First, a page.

Friday, September 04, 2015

Growth in Reading

Picture: members of the St William of York, Reading congregation served by the Priestly Fraternity of St Peter, commemorating their 10th Anniversary

It is worth taking a look at the picture, what is so noticeable is the number of children, and although there are a few grey heads, they are in the minority, there aren't any at all amongst the clergy, which is most probably the most significant of all.

But as I say it is the presence of children that is most noticeable, which indicates that the congregation is either very wealthy and afford children or more likely that they are willing to make sacrifices for them. It is also an indication that the families here are stable, and committed enough to the Gospel to be open to the Church's teaching.

From the little I know, the Reading congregation started with just few families and has grown and grown. Its growth has been by 'supernatural' generation, a few people being received into the Church but more being attracted by what they find there; the Traditional Mass and clear Catholic teaching. However the real growth has been through 'natural' generation; Catholic parents having children.

We Catholics of course believe 'grace works on nature', we seem to have forgotten the importance, and the duty, of begetting children. 'Trad' Mass communities seem always to create an environment that says 'children are welcome', they are open to nature. They also create an environment that is open to what the Church the 'education' of children. By 'education' we understand it to mean more than what is learnt at school, we mean the sacraments and the moral and spiritual education of children, helping them to become spiritual adults. In 'Traditional' communities, though this is obviously the primary work of parents, networks and supports form naturally.

Here in Brighton our own Traditional Mass congregation is growing, at times it seem to have more babies and younger children than all our other Sunday Masses, despite the centre of the city not being the best or easiest place to bring up children.

Thursday, September 03, 2015

So many and for so long

The image of a little child dead on a beach is sickening but so is the image of crucified children or beheaded children, or homeless starving refugee children, maybe it is that we can bear to look at this little child and imagine his story and the tragedy that lies behind it, whereas more gory images, like dismembered foetus', all but the slightly sick avoid or hurry past. There are tens of thousands of children like this poor child, and the pictures have been around for a long time.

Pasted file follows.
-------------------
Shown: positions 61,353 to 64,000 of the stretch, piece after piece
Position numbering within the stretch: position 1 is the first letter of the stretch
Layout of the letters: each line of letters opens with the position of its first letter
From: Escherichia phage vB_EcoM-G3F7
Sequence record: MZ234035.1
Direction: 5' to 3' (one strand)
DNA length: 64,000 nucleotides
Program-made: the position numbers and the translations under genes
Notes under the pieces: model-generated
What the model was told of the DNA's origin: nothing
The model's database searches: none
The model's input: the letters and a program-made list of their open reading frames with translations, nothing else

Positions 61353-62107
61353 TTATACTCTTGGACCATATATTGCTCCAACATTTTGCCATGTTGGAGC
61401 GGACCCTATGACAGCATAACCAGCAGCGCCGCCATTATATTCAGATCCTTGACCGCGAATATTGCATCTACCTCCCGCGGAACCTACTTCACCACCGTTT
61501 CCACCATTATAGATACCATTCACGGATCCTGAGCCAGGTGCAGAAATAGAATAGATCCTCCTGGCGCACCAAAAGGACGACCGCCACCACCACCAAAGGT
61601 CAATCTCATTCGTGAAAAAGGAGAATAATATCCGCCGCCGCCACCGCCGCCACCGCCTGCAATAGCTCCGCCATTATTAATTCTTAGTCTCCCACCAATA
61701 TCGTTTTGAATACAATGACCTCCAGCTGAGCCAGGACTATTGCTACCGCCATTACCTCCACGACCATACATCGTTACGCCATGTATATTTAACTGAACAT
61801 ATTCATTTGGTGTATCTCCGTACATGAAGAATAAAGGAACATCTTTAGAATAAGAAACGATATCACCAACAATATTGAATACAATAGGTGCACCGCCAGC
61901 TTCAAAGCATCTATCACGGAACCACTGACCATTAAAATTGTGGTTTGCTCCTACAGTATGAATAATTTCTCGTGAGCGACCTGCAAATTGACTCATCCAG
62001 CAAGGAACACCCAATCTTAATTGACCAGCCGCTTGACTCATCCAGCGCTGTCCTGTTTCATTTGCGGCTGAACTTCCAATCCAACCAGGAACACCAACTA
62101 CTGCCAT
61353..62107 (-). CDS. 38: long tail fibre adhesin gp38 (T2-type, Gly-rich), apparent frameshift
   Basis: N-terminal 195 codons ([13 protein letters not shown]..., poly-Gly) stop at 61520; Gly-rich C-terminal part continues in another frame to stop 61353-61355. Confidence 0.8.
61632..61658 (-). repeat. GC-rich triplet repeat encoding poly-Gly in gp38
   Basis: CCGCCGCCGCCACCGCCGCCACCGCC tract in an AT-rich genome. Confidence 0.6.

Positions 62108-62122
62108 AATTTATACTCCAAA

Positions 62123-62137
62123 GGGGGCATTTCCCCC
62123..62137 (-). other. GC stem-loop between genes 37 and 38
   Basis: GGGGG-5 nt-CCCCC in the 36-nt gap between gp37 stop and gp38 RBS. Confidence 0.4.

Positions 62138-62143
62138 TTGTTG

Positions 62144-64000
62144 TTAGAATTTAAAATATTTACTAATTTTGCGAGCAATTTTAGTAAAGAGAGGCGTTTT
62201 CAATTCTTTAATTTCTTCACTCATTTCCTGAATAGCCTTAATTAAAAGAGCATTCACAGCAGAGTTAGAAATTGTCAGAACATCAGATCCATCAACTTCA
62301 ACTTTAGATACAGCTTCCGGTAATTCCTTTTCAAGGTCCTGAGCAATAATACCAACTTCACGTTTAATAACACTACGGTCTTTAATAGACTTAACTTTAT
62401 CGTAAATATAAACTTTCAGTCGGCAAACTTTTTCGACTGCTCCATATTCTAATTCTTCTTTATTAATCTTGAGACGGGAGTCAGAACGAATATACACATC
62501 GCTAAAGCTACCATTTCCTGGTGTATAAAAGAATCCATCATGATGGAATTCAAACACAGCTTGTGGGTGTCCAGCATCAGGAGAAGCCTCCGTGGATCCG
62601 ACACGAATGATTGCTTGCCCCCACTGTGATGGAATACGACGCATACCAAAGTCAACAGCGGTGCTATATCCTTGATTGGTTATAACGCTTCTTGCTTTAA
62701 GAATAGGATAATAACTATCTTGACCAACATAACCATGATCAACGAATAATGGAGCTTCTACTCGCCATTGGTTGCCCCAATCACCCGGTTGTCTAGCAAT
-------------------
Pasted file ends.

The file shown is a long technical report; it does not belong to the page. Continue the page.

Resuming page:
I am concerned that this particular image has unleashed 'compassion' almost as fashion accessory, first from journalists, then newsdesks and the media and now even from politicians, at least opposition politicians and backbenchers. This little child makes the statistics of Mr Cameron's 'swarms' into an individual tragedy, Stalin had said, 'a million deaths is a statistic, one death is a tragedy'. I am concerned, but I am glad that at last the media can focus on the death of children rather than the destruction of a temple ruined in Palmyra.

The feeling of 'compassion' is one thing, it is likely to disappear as soon as it flares up, it is actually doing something that matters, and that has to be a deeper interior change rather than a signature on an e-petition or drawing out a handful of loose change. A world that ignores the plight of so many over so many years is essentially hard hearted, if it is manipulated by a single image that 'goes viral', rather than human need is essentially massaging its own 'feel good' self indulgence, tomorrow it will be back to kittens or donkeys.